July 27, 2000
NEW YORK (Reuters Health) - Online support groups can offer an emotional lift to people suffering from a range of illnesses. But they can also attract healthy interlopers looking for attention rather than support, one psychiatrist says.
Although most people who participate in Internet support groups are genuine, sometimes "our heart strings can be tugged for malicious reasons," Dr. Marc D. Feldman of the University of Alabama at Birmingham told Reuters Health.
In the July issue of the Southern Medical Journal, he reports on four cases of what amounts to a "virtual" version of the mental illness Munchausen syndrome. People with Munchausen syndrome feign illness in order to undergo medical treatment. In the case of people who target online support groups, the goal is to be the center of the group's attention.
Online support groups allow people to post messages to each other, sometimes seeking or offering advice but more often simply sharing their experiences. Feldman said he was alerted to the problem of support group imposters by messages to his own Web site on Munchausen syndrome and related conditions.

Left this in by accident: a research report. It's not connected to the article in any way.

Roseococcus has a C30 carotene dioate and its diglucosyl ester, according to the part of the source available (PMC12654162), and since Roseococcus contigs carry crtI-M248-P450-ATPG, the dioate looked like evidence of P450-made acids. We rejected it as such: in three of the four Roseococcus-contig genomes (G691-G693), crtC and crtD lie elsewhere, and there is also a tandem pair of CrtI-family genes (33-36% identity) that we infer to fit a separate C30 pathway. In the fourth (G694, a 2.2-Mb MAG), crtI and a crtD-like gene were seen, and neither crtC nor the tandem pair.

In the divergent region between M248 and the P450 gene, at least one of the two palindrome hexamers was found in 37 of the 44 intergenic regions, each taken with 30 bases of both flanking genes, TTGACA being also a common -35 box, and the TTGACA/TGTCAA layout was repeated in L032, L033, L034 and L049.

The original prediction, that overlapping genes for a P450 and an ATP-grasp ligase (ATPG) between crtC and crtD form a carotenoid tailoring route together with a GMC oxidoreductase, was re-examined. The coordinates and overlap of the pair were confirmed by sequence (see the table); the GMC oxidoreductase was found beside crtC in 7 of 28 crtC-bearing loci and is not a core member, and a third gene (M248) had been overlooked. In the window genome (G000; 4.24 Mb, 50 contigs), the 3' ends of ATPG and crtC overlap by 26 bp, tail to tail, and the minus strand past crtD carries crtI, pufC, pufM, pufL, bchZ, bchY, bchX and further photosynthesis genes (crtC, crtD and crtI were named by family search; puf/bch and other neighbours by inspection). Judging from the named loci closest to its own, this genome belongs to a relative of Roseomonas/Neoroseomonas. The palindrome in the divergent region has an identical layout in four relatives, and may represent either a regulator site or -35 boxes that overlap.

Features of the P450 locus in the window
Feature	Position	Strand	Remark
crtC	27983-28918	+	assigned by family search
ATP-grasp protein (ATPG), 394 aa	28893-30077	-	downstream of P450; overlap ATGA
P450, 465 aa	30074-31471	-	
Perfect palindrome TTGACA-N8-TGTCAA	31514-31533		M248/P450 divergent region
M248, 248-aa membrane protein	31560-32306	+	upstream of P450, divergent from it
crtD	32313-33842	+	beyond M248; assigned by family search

Because people go into online support groups "with unabashed trust," he said, they are often devastated to find out that a member was dishonest. While Feldman does not want to discourage people from turning to virtual support groups, he said the public should be aware that a "tiny fringe element" misuses the groups.
In one case Feldman describes in his report, a woman claiming to have a baby with cystic fibrosis posted messages to a parents' support group and eventually informed members that her daughter had died. Another mother, however, realized the woman's posts were full of inaccuracies on the illness and its treatment. She alerted other members, and the suspicious woman's posts ended abruptly.
Inaccurate or inconsistent posts are a key warning sign that a support group member may be less than genuine, according to Feldman.
"We also find that they have extreme deteriorations (in their health) followed by miraculous recoveries that just don't ring true," Feldman said.
Besides the emotional toll imposters exact, he noted, some offer group
members medical advice that is at best misleading and at worst "dangerous."